Have you had those nights where your body has been physically exhausted, but sleep escapes you? It might be worries about the market, the crops, the health of your livestock, or it may be random racing thoughts that have no tangible value but keep you awake. Sleep problems can include having difficulty falling asleep, staying asleep or waking up too early in the morning. And sometimes it is a combination of one or more of them. What is shared is a deep fatigue and frustration with the inability to get the needed rest. 

Before Bed Routines

If you’re coming in late from the barn or the field, it is tempting to just fall into bed. However, we all need to have some wind down time to let our brains and bodies ‘shift gears’ from work to rest.

  1. Have a warm shower or bath. This will help you wash off the sweat and grit of the day, give you a quiet moment, and the warmth will lower your body temperature signalling your body to sleep. 
  2. Give your mind a rest from farming or anything associated with stress. It might be tempting to check the markets, your email, or watch one of your favourite YouTube farmers, but it would be better to focus your mind on something that brings peace. Read a book, magazine or watch one of your favourite shows.  
  3. Try gentle stretching or yoga. Have you spent the day cramped up in the tractor, bent over fixing machinery, cleaning the barn, or sweeping the grain bin? Yoga can help stretch and lengthen those tense, overworked muscles and has been linked to falling asleep faster and improving the quality of your sleep. 
  4. Avoid alcohol before bed. Although alcohol can help you feel relaxed and fall asleep quickly, it disrupts the sleep cycles resulting in a poor quality of sleep (shorter and more disruptions) and increased feelings of exhaustion the following day. Try having a warm glass of milk as it contains tryptophan, which has been linked to the production of melatonin. Melatonin is a hormone that prepares the body to fall asleep. 
  5. If you’re having difficulty shutting off your thoughts, try a ‘brain dump’. A brain dump is the practice of writing out anything and everything on your mind on a piece of paper. It can provide a mental release or letting go and can be reviewed the next day to help identify important priorities. 

Responding to Sleep Restlessness

  1. If you’ve been tossing and turning for more than 30 minutes, get out of bed. Otherwise, your brain will associate your bed with thinking instead of sleeping. Go somewhere in your home that is quiet with low lights and do something relaxing. Sometimes getting out of bed for a glass of water or a visit to the washroom is enough to reset.
  2. Practice deep breathing and/or progressive muscle relaxation before you go to bed or if you wake-up in the night. Stress makes it difficult for the body to sleep; however, both practices trigger the parasympathetic nervous system, letting our brains know it is okay to relax and rest.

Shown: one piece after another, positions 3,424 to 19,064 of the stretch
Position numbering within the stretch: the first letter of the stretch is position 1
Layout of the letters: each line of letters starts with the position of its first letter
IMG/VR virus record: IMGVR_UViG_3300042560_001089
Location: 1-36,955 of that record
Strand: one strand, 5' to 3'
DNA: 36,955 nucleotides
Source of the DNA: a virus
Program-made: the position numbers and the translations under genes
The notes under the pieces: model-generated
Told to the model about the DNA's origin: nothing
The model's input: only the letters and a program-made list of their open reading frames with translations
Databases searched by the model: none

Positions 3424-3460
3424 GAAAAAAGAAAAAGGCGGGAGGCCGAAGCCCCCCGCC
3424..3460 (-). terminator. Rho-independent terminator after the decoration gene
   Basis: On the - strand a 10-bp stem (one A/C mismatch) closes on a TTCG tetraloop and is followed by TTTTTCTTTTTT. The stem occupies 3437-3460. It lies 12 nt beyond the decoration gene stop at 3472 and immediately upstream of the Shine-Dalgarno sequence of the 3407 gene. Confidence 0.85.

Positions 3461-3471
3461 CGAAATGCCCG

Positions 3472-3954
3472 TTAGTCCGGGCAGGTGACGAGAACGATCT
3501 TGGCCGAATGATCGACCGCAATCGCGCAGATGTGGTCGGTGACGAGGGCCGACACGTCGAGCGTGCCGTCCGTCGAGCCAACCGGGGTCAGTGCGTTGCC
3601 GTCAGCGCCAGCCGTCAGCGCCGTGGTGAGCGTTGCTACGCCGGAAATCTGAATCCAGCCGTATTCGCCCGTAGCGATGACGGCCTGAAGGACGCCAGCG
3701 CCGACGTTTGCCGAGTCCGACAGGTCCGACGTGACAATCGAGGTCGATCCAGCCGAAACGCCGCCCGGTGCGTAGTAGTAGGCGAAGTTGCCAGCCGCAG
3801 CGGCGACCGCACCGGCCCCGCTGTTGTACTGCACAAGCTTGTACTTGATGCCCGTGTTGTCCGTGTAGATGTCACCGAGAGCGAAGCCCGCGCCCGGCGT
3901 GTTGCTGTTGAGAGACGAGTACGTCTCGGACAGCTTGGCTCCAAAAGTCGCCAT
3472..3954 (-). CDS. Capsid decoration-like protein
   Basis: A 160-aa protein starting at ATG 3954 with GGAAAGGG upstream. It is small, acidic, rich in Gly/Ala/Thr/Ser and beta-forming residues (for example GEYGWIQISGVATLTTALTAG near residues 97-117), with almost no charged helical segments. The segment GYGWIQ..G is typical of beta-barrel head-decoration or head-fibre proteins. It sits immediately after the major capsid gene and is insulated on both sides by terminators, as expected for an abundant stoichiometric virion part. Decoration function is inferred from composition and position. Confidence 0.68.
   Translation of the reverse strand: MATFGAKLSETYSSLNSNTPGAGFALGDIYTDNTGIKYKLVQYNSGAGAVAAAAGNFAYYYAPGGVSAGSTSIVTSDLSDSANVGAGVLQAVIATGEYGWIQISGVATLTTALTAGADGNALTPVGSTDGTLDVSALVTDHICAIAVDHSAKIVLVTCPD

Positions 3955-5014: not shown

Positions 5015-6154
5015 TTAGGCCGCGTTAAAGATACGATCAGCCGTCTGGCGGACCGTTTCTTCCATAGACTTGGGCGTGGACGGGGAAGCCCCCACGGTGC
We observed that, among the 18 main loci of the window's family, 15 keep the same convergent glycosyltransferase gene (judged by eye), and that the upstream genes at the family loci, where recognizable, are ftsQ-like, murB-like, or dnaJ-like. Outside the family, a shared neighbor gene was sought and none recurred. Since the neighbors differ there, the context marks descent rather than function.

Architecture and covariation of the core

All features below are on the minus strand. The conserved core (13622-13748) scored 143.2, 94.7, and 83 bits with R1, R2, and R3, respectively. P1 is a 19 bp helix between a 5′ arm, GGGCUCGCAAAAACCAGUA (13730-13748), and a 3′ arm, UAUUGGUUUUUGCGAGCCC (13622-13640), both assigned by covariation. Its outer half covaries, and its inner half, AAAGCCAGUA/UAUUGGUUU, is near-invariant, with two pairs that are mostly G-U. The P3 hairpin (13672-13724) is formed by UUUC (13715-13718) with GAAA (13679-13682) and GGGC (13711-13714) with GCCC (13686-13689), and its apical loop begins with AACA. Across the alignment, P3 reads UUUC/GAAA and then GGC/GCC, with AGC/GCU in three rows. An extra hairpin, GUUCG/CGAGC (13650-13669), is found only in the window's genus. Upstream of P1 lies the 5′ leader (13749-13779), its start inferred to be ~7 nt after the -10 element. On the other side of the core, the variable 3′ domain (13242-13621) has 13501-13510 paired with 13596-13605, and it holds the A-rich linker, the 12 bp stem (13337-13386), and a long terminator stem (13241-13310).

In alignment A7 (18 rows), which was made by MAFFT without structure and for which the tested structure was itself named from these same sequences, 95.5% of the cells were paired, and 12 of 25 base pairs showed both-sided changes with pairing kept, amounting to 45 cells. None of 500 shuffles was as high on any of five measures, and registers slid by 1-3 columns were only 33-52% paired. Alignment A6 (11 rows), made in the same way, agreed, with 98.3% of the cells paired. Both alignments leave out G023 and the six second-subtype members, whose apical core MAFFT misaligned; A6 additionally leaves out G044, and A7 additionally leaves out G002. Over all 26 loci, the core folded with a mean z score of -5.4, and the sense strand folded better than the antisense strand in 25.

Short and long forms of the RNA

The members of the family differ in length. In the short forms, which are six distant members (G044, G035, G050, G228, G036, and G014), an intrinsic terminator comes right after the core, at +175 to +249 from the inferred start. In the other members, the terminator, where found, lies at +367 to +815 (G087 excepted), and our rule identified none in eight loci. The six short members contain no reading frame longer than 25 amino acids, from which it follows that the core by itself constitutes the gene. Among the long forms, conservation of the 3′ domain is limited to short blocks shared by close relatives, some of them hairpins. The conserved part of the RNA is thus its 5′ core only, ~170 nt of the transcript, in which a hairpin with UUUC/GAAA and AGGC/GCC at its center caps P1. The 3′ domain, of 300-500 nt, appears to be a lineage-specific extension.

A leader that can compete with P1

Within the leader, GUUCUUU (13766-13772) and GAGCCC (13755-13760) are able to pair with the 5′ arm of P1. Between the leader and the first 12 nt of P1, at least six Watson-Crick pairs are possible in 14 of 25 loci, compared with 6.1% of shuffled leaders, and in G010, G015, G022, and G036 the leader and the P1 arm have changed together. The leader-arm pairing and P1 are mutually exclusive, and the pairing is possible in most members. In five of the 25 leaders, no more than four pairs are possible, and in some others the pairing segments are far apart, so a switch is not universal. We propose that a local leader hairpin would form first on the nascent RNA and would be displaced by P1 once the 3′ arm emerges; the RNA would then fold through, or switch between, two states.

3. Consider the paradoxical intention sleep technique. Sometimes the more you try to force yourself to sleep, the harder it will be. Have you ever watched the clock and counted down the number of hours of sleep remaining before your wake-up time and felt more stressed? This technique shifts your focus to trying to stay awake, which reduces the stress of ‘clock-watching’, and you’ll notice that the more you try to keep your eyes open the more they will want to close. 
  4. Finally, if sleep simply won’t come, just allow your mind and body to rest as this too will provide some healing and rejuvenation. Lay somewhere comfortable with your eyes closed and think of the storyline of a movie or book you enjoyed, visualize your favourite place, wrap your blankets around you, hug a pillow, listen to relaxing music and/or engage in the classic act of counting sheep. 

May these sleep practices, routines and responses to sleep restlessness help you and your loved ones as you address the deep fatigue and frustration that come with the inability to get the rest your body and mind need. 

Carrie Pollard, MSW RSW is the wife of a grain farmer, mom of five, an Ag-Informed Therapist, and one of the co-founders of the National Farmer Mental Health Alliance. 

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Grande Prairie’s Resource Centre for Suicide Prevention and Northwestern Polytechnic’s office of Applied Research & Innovation are hosting a Mental Health Summit on May 6th & 7th! We are honoured to be leading some workshops at this summit:-Protecting Your Greatest Assets -Leadership (Becoming a level 5 leader/ Team Building and Morale Boosting)-Farm Succession and CommunicationWe would love to meet you there!@sprevent @northwestern_polytechnic#nfmha #nfmhalliance#farmersupportfarmers #farmstrong #farmermentalhealth #farmerwellness #agmentalhealth #farmfamily #agmorethanever #ruralrooted #ruralwellbeing #therapistsofinstagram #socialworkersofinstagram #supportoneanother ... See MoreSee Less
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